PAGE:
There are bluffs above the high tide line that have brilliant colors and amazing mosaic-like patterns in the rocks and on overcast days the colors practically glow. No one ever walks up here! The first photo shows you what I created out of a little patch of rock and the second photo shows you what I initially saw. We photographers, we "visualists," notice things like this, we find things, frame things, and then display them to the rest of the world saying, "See? See!" ©Carol Leigh

Wednesday, April 15, 2009

Unidentified bird . . .

Found on the beach this morning. A turnstone of some sort, I guess. :-) ©Carol Leigh

Minute number 59 . . .

No rain, a relatively low tide, no bright sun -- perfect for hitting the beach, where I spent 59 minutes this morning shooting patterns. I was headed back toward the parking lot when I spotted a flock of cormorants heading north toward me. I had an 18-55mm lens on the camera -- not exactly what one wants for bird photography. And then I spotted the rainbow. Adrenaline rush! I quickly set my camera to underexpose by a full stop so that the waves wouldn't blow out and so that the rainbow would stand out. My ISO was 500, but no time to change that because HERE THEY COME! The result? A noisy photograph of birds too far away but a photograph that means a lot to me because it was the taken at the 59th minute, my last shot of my beach walk, and I thank whoever is in charge of this kind of stuff. Celebrating what's right in this world . . . ©Carol Leigh

Tuesday, April 14, 2009

More clock parts . . .

Taxes are just now finished. Ick. But there was still time today to make a few photos. I seem currently to be fond of oil cans, paper, and clock parts. Strange combination. Borderline insanity? Probably. ©Carol Leigh

Monday, April 13, 2009

Time for clocks . . .

In my current online macro class we're working on depth of field. It's a great excuse for me to play, so I selected this little gear from an old clock and used a 100mm macro lens with a Nikon 6T close-up diopter on the front. Depth of field is so shallow that just the tips of the foreground gear teeth are in focus, yet you can still see some of the details in the blurred background. Love this stuff . . . ©Carol Leigh

Sunday, April 12, 2009

49 minutes at the beach

I'm intrigued with the kelp I'm finding on the beach, and creating something simple out of the huge spaghetti-like tangles is a challenge. But then, of course, there are always the colorful rocks below the bluffs — sort of a photographic "dessert." ©Carol Leigh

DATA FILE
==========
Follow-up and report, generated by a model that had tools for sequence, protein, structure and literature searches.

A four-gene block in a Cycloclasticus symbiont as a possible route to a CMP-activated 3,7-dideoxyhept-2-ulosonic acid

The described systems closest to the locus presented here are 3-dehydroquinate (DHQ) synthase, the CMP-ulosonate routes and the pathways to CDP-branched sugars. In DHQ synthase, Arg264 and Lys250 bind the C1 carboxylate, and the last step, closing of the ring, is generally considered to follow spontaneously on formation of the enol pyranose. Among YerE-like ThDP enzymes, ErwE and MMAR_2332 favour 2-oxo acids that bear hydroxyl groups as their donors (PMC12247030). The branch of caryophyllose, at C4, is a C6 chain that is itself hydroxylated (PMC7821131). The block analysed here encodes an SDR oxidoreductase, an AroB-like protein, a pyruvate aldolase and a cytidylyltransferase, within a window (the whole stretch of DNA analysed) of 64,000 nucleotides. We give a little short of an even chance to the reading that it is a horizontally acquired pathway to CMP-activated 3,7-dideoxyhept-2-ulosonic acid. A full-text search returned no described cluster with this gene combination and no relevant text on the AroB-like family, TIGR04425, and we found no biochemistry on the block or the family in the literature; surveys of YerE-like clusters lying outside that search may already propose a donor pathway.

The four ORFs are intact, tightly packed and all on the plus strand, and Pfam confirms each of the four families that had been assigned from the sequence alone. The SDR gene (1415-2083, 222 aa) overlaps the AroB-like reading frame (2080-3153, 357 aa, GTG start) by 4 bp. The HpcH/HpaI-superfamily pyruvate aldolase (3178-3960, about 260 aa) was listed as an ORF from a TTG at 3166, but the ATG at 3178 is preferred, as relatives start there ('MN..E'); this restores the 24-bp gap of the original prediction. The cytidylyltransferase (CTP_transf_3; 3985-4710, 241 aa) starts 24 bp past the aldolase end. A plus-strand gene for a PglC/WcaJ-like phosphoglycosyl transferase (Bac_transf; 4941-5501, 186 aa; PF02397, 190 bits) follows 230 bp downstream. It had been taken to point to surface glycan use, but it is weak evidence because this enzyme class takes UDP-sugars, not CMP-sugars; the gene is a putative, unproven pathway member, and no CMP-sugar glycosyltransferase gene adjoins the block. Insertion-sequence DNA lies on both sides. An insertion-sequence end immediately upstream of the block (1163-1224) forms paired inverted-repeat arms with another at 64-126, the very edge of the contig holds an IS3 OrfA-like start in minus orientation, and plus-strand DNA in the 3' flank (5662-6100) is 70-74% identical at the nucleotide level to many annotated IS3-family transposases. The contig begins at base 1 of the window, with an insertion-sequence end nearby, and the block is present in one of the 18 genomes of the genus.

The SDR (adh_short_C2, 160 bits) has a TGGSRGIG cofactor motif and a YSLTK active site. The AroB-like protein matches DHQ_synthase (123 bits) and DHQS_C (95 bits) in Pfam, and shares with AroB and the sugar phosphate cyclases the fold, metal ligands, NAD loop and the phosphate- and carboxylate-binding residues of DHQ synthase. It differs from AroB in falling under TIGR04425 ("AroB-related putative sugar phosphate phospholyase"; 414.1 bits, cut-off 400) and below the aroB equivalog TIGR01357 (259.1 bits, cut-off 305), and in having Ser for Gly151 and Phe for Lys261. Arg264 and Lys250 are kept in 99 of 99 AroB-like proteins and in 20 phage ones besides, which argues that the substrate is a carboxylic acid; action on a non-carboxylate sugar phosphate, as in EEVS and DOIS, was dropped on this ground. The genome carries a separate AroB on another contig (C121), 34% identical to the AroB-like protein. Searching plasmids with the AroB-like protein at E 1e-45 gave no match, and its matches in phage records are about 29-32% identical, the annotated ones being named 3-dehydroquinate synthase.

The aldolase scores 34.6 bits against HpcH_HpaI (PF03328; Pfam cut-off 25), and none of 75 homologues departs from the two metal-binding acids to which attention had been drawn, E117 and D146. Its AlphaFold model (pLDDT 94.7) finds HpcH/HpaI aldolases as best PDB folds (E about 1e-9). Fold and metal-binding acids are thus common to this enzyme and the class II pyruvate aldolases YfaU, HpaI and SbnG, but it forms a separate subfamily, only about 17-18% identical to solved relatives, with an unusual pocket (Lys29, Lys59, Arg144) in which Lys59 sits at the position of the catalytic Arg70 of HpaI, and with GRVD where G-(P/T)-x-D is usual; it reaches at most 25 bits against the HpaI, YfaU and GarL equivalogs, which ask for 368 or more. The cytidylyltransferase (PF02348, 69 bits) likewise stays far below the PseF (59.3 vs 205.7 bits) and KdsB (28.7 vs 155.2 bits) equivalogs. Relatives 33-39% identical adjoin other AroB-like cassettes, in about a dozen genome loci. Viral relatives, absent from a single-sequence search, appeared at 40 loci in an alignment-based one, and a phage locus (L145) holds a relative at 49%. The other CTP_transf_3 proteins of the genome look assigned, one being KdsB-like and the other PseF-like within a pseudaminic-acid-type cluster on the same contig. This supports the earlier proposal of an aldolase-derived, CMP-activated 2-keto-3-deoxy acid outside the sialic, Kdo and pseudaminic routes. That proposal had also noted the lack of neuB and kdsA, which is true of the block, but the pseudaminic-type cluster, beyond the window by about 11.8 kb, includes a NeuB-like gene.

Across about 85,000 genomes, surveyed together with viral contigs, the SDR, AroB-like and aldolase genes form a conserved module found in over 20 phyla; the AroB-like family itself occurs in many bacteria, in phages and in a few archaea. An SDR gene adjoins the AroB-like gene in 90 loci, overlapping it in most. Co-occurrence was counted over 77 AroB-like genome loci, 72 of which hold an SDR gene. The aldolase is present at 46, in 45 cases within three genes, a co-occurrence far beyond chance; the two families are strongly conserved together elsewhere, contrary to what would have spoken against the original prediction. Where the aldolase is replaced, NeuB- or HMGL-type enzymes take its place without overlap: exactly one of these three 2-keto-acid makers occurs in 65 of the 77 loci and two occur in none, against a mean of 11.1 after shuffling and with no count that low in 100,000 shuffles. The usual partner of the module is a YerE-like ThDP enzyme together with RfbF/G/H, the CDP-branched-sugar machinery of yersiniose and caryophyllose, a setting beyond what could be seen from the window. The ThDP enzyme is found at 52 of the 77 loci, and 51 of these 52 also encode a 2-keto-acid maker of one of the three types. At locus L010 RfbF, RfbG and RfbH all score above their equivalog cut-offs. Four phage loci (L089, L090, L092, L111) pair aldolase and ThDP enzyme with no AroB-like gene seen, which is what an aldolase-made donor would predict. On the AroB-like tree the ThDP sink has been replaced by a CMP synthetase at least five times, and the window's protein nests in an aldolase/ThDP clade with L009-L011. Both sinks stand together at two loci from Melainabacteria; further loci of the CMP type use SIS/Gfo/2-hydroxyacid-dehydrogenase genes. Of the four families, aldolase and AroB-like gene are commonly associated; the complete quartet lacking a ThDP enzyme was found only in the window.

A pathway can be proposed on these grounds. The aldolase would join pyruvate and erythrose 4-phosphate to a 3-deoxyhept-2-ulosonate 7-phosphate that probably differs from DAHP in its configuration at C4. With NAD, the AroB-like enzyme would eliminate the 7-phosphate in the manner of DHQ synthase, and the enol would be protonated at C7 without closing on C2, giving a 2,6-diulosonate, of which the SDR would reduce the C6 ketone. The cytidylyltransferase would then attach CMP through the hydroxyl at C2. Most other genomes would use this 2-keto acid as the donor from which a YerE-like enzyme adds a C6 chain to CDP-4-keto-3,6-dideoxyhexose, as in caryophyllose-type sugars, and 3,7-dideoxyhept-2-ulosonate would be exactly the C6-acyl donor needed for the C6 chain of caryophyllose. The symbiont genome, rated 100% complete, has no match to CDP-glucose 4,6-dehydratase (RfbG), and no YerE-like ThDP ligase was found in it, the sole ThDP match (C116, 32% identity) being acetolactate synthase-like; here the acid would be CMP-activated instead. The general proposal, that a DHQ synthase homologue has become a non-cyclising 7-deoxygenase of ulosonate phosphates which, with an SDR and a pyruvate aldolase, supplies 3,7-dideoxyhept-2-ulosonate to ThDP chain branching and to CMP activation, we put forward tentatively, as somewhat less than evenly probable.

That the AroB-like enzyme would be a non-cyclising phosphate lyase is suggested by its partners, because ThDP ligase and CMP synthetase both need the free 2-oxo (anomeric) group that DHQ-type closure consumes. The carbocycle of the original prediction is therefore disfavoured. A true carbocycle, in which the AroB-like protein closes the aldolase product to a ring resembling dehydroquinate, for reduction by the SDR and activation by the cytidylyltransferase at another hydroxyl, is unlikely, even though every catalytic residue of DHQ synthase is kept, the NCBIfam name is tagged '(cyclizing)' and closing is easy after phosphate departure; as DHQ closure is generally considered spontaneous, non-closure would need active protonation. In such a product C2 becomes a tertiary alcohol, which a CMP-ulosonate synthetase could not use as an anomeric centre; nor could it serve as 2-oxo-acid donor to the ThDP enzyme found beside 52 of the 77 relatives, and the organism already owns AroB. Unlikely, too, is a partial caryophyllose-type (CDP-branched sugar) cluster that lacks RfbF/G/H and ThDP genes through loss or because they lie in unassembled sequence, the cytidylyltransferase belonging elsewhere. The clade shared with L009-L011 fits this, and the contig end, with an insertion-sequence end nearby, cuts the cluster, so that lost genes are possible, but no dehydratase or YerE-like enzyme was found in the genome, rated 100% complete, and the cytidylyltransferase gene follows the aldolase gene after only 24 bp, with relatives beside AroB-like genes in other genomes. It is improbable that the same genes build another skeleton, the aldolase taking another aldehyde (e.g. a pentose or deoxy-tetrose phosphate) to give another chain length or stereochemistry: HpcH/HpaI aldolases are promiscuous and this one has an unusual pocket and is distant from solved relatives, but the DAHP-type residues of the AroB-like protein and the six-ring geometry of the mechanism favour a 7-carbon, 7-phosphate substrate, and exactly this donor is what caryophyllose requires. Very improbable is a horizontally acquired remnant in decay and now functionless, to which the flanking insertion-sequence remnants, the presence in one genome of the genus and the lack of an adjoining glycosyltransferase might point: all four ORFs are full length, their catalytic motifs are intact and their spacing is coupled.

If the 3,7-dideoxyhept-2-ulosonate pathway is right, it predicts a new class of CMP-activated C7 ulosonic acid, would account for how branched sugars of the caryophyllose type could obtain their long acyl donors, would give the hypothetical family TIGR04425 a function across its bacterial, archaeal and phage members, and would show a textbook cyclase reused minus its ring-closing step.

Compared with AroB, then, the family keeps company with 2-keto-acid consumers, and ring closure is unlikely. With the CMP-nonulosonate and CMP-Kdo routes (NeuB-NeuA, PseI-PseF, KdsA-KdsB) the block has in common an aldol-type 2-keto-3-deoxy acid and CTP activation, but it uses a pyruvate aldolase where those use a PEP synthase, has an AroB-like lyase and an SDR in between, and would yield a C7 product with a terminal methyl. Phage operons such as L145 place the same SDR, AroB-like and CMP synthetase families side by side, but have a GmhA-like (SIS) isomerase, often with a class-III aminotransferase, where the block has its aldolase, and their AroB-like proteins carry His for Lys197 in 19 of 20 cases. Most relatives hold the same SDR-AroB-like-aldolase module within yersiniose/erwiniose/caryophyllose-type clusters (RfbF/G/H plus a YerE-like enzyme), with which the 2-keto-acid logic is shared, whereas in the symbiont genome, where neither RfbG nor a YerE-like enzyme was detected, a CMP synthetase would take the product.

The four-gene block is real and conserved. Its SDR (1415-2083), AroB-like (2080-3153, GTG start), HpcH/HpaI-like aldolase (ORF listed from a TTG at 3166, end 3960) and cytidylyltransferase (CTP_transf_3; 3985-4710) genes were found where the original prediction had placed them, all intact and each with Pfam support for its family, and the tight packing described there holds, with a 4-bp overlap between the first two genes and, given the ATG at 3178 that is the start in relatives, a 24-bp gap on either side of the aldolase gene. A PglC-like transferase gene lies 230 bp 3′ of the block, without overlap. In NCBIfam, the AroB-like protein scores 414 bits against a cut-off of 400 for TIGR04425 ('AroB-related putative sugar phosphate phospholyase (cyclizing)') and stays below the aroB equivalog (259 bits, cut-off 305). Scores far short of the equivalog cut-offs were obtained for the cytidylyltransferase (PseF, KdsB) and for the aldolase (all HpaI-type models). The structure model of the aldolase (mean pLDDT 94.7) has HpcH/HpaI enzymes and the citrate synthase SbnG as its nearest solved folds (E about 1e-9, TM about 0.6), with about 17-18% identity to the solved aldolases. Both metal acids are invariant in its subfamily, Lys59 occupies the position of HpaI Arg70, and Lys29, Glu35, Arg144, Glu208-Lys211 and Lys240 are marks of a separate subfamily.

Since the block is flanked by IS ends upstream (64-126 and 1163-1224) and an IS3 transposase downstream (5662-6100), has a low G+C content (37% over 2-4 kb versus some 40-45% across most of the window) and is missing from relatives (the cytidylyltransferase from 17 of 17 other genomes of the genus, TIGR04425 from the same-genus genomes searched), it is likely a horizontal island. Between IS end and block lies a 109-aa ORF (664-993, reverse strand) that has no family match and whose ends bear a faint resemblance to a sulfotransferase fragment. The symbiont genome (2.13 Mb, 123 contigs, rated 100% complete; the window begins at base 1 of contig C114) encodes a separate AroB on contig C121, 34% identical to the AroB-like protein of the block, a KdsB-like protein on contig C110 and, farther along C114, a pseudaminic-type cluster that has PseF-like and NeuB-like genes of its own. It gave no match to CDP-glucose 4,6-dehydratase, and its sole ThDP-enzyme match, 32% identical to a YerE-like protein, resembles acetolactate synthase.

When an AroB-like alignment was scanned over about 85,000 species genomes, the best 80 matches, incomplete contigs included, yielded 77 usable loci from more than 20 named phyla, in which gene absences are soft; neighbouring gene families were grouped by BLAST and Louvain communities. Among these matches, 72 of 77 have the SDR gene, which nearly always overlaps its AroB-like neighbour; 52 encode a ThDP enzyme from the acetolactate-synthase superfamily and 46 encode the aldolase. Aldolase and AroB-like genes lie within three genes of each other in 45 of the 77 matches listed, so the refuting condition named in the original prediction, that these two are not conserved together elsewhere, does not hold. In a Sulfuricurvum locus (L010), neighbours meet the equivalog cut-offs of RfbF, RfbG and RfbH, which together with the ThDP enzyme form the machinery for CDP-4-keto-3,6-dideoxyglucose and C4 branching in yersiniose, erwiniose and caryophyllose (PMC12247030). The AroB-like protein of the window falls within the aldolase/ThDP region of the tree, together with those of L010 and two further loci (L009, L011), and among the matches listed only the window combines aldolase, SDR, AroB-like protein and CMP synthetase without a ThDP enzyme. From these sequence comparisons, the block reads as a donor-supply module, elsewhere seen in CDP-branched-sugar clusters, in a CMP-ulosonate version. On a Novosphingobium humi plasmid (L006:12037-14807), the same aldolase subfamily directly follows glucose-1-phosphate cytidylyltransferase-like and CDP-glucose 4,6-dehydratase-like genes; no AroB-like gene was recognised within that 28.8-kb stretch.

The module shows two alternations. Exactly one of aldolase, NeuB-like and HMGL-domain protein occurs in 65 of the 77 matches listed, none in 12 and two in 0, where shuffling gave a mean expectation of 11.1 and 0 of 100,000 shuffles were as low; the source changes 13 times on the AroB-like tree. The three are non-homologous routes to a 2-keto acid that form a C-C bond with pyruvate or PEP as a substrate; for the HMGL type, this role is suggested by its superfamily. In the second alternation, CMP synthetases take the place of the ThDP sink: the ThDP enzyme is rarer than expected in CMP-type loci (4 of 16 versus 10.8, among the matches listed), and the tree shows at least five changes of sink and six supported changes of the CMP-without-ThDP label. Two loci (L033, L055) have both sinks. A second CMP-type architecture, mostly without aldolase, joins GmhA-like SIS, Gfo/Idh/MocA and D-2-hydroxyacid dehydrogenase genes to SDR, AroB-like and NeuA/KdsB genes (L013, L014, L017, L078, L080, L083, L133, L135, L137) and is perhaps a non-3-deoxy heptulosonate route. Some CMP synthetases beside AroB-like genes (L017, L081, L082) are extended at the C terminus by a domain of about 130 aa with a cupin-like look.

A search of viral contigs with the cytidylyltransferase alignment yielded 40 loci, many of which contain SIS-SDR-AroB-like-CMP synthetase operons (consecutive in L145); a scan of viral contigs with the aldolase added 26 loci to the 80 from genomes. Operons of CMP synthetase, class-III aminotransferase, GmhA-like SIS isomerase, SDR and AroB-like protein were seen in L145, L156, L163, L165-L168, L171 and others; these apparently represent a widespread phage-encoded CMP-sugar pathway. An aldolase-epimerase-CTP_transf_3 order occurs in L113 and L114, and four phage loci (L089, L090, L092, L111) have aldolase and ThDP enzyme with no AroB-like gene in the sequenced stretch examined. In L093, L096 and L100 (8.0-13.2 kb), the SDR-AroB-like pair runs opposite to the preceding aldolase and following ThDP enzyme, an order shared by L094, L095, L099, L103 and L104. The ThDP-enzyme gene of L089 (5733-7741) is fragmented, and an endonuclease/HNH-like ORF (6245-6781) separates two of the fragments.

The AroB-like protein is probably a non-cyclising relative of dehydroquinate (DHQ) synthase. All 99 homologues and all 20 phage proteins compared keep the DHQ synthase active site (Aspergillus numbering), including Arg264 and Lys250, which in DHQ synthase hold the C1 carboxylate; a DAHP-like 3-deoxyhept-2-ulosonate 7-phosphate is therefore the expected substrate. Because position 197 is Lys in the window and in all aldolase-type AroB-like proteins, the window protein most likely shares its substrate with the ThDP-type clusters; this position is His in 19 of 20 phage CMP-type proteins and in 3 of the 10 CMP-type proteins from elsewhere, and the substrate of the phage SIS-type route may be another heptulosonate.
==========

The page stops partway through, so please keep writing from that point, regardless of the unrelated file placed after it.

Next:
The Art of Seeing - 090412

The top photo is typical of what I see at low tide on the beach. Little rivulets of water come from the bluffs and make their way to the sea. Along the way, patterns emerge in the sand. Looking closer, in the next two photos, I isolate a few patterns, filling my frame with horizontal and diagonal lines or a series of jagged slashes. There's no sense of scale. The second photo could be of sand dunes for all we know. And the third photo an aerial view of some land formation from 35,000 feet. The world is at our feet if we just take the time to look. ©Carol Leigh

Saturday, April 11, 2009

The Art of Seeing - 090411

One of the more difficult things to teach is how to see. What goes on in a photographer's brain that enables him or her to casually look at something and immediately (or maybe not so immediately) see that yup, there's a photo there? What I'm planning on doing from now on is to try to show you, whenever possible, what I see and then what I've made from that scene.

In this case, the top photo is what I see when I walk along one of my favorite beaches here on the Oregon coast. I've had people come up to me and ask what the heck I'm shooting. To them, it looks quite ordinary. And I can understand why --this is the high tide line, where the water meets the bluffs twice a day, and it's usually strewn with rocks, kelp, broken shells, etc. To me, however, it's a gold mine. The cracks in the rocks and their saturated colors can keep me busy for a long time. So from the rocks that you see in the top photo, here are two photos I made.

The role of a photographer is to show people what they might otherwise miss. And to do so in an artistic way.

This is my first go at this "here's what I saw/here's what I made" concept. Please let me know if you find it worthwhile. Thanks! ©Carol Leigh

Friday, April 10, 2009

Old pens

Yesterday at an antique store I bought a couple of old grungy ink pens and photographed them today. The background originally was a brilliant orange, but I felt that it overwhelmed the pens, so I toned it down somewhat. ©Carol Leigh

Thursday, April 9, 2009

North of Seal Rock

I almost deleted this image. It was one of the first ones I took on my beach walk today and I thought it was too blah. But then I decided to experiment a bit with black and white in Photoshop and maybe I could bring out the clouds a little bit. The more I began working with this picture, the more I liked it. It actually looks more like reality than my original color image. ©Carol Leigh

38 minutes at the beach

The rain stopped briefly and so did I -- at one of my favorite beaches. I photographed bubbles with my reflection in them, richly colored rocks below the bluffs, contrasting textures in piles of bull kelp, and a heart-shaped rock. The tide was rapidly reaching its peak, so I hustled out of there just in time.

I also stopped at an antique store and bought yet another oil can and some very cool, very used, very stained, old pens, so stay tuned for (I hope) some interesting shots of those new items. ©Carol Leigh

Wednesday, April 8, 2009

Experiment . . .

I'm experimenting with various functions in Photoshop and one that I found this week is a spotlight sort of effect. I applied it to this punched-tin piece of artwork I photographed in Mexico. Since there's no sense of scale, you don't know if this is a Christmas tree ornament or the headboard on a bed. ©Carol Leigh

It's a headboard . . .

Tuesday, April 7, 2009

Hot ice

Over in my online macro photography class we're working on shooting ice. My ice broke midway through, but there was still enough for me to work on. It's a beautiful world in there. ©Carol Leigh

Clock parts

More clock parts . . . one can never have too many. ©Carol Leigh